How the barbershop became prominent in Black culture
Chop it up
At one point, barbershop culture in America seemed to be dying off, but its importance in the black community never faded. Generally, when referencing American barber culture, we tend to focus on the black barbershop, because of how frequently it is mentioned in black media. Clearly, the barbershop serves a key role in the lives of black men.
Barbering in the media
The barbershop has been featured regularly in black media, which gives us an insight into the significance of its role in the black community. There’s even a movie called Barbershop, which revolves around the social life in a—you guessed it—barbershop. In the Marvel TV show Luke Cage, the barbershop acts as a peaceful ground for everyone in the community, which is similar to how it ties communities together in real life. Over on HBO, there’s a show called The Shop, which stars LeBron James having conversations and debates in a barbershop with celebrity guests. Now, there are even celebrity barbers who have large followings on social media.
Here's a clip of The Shop featuring Travis Scott and Pharrell:
History of Barbering in Black culture
Barbering has been around for centuries, with the earliest records dating back to early Egyptian civilisation. Even back then, a clean cut was necessary. At one point in Europe, you could even get a tooth extracted from the barbershop—kill two birds with one stone. However, what made it the subculture it is today started when Jim Crow laws (state and local statutes legalising racial segregation) were still enforced in the US.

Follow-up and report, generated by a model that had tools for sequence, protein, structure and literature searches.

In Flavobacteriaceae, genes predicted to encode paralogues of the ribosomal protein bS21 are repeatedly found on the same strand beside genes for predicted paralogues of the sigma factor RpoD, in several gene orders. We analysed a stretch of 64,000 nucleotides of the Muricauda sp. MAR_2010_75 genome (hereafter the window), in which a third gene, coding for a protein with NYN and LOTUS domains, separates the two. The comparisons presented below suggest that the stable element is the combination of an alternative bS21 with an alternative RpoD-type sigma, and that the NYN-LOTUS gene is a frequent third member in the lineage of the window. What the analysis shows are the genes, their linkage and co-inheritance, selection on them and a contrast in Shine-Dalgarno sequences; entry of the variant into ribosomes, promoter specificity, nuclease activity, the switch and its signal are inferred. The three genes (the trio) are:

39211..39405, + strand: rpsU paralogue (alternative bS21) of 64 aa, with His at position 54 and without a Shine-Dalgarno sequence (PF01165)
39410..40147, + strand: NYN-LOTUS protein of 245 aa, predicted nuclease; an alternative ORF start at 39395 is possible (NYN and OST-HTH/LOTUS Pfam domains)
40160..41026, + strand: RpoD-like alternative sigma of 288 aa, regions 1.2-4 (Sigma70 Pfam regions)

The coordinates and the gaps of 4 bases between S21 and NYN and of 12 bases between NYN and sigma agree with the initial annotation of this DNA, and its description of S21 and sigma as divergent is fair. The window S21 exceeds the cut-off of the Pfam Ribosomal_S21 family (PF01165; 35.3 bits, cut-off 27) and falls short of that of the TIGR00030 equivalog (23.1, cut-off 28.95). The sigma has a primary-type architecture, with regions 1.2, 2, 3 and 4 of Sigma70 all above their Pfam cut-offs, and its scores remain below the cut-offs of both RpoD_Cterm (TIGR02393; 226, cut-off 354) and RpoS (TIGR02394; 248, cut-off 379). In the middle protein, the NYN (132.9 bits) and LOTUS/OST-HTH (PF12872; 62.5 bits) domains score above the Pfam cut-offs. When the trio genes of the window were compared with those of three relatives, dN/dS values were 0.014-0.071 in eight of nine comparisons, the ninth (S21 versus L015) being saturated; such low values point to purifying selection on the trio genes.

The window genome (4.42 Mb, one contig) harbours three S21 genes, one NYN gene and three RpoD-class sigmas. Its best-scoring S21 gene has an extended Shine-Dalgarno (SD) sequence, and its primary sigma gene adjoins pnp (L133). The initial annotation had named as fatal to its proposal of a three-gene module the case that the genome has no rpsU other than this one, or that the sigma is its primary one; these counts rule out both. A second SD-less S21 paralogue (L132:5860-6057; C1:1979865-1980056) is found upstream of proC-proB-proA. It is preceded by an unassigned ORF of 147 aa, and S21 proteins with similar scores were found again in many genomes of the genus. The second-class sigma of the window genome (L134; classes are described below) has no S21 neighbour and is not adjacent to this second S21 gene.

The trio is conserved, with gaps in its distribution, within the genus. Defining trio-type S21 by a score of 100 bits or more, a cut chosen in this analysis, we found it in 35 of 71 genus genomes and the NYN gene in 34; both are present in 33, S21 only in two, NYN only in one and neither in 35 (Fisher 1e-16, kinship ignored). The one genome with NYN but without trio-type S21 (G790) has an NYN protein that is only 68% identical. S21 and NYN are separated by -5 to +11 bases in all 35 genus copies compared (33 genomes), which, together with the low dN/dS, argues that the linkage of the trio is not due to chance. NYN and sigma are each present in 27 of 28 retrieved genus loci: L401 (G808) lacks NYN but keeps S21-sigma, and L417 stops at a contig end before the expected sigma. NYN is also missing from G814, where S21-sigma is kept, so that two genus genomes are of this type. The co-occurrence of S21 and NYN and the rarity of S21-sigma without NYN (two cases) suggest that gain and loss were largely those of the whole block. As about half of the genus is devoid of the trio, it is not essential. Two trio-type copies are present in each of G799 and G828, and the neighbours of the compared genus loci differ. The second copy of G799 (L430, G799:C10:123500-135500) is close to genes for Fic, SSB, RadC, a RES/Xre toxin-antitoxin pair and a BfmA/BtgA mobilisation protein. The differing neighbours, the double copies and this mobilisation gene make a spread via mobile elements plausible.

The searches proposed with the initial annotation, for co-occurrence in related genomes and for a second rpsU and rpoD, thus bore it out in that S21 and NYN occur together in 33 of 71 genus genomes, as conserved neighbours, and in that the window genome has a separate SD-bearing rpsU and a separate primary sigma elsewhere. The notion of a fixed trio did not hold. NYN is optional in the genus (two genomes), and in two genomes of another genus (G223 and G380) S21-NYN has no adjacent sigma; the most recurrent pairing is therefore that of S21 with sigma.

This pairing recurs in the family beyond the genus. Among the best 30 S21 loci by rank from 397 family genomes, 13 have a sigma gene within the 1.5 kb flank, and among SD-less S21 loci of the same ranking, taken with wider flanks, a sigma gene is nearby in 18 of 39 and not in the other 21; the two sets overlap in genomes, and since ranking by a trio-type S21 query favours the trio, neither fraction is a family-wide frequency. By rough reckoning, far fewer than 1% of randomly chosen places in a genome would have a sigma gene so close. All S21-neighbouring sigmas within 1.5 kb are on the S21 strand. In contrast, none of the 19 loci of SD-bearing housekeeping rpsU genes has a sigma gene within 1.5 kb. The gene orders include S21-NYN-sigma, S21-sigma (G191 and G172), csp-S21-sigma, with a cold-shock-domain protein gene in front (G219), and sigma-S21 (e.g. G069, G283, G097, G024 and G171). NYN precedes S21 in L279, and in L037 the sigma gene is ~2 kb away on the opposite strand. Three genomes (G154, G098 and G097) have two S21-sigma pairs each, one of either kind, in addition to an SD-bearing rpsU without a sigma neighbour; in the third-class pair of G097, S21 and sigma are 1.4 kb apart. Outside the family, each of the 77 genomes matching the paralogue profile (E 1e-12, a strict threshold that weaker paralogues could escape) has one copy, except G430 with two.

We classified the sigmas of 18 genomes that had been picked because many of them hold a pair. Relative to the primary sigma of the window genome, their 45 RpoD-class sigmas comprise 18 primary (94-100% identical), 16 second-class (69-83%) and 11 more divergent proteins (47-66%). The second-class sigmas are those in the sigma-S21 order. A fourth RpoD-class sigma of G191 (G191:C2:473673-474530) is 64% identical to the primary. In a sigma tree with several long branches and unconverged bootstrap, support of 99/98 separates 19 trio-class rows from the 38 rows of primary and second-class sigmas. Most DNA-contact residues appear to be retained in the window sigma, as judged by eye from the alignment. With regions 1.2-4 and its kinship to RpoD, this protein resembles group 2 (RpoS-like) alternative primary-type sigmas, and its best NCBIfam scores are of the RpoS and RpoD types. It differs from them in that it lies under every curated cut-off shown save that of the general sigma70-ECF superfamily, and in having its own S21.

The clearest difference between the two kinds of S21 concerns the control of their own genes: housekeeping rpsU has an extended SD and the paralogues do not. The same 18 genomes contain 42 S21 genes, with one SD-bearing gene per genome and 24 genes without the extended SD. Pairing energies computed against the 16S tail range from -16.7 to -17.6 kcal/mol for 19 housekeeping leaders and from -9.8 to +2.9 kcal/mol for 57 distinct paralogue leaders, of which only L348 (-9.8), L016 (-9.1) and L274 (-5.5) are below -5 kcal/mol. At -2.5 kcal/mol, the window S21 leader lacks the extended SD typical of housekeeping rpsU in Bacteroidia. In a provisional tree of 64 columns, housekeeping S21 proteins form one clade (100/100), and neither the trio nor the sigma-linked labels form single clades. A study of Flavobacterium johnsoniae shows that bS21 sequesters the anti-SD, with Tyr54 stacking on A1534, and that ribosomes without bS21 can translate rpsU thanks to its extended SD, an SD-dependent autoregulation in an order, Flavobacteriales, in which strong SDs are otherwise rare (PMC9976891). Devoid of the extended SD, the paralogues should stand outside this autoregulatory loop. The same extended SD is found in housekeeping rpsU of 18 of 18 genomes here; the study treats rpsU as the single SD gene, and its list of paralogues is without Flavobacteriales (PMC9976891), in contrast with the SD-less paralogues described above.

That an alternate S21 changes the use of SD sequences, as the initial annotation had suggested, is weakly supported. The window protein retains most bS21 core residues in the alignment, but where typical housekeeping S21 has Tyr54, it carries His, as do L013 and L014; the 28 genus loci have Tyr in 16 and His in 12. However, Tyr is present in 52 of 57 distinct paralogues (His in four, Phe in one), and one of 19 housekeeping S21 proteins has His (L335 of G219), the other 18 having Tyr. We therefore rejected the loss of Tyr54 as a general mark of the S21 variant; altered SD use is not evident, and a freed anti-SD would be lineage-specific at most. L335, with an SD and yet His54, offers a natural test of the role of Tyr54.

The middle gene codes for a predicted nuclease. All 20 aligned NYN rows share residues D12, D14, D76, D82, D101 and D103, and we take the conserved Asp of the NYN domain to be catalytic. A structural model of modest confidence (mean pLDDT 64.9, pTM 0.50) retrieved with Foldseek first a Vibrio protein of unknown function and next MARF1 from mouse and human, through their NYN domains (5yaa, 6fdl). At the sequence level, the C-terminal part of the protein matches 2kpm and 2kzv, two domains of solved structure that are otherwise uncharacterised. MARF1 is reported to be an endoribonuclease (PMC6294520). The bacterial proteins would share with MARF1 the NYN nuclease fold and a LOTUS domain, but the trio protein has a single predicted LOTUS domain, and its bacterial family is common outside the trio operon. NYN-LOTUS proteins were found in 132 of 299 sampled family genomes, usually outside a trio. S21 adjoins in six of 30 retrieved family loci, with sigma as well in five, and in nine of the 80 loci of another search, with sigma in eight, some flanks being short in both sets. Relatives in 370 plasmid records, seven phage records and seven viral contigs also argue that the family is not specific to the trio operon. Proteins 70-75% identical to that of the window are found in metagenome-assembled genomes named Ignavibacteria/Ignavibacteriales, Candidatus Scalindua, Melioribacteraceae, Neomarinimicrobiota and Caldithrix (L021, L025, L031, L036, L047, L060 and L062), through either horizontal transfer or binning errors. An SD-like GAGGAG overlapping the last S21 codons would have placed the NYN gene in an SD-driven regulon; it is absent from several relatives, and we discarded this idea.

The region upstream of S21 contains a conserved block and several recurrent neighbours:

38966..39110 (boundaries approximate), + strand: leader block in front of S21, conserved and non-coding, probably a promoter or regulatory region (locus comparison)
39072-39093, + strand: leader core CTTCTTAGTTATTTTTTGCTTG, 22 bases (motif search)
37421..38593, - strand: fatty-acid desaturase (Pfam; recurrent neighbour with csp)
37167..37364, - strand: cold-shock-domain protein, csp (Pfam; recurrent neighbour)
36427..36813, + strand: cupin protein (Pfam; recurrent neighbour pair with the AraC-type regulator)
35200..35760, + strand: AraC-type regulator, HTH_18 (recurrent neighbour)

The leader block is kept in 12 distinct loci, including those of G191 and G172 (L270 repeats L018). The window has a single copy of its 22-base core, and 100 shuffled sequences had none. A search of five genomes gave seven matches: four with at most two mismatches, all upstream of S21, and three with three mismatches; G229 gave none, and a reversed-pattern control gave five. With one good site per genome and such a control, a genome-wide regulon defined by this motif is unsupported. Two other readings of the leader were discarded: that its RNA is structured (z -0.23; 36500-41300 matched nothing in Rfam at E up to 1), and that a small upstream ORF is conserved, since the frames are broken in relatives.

After the Civil War, the barbershop offered economic mobility to black entrepreneurs. While laws were put in place to segregate, the barbershop became a refuge for black men to escape from discrimination and humiliation. Eventually, it became a place where black men could talk freely and endure the inequalities of the outside world.
Its importance to the Black community right now
Similar to the times when segregation was prevalent, barbershops continue to be more than just a place to get a fresh cut. It is where patrons can be vulnerable and talk about issues, such as the Black Lives Matter movement. Customers may also play games like chess, cards, and dominoes while catching up on gossip, politics, and community matters. The modern black barbershop has taken a role akin to a social club. Vibe Magazine’s Editor-In-Chief, Datwon Thomas, gave us a glimpse into what life is like at the barbershop:
"The barbershop was like the homeboy club. Different days would give you different experiences. Thursday late might get you a wisdom session from the older heads that would come after work. Friday night would get you the hustlers with the cars and big cash and they would talk in coded slang. Saturday afternoons got you a mix of everything, single Moms with scared sons, basketballers explaining how they lost a game, big storytellers. And what I learned was how to take all of that and read people. My barbers were the most knowledgeable cats, they dealt with so many different classes of money and education that they kind of spit out these nuggets of life gems that helped navigate me through certain situations. Especially with women, haha!”
The Black barbershop, Black churches, beauty shops, and the Black press built the foundation of the Black public sphere. It has been proven to strengthen community ties and improve the economy in Black neighbourhoods. As one of the most thriving Black businesses since the twentieth century, its longevity makes sense. The barbershop is more than just a place to get a good haircut; it's a place that positively affects the livelihood and identity of those living in its community.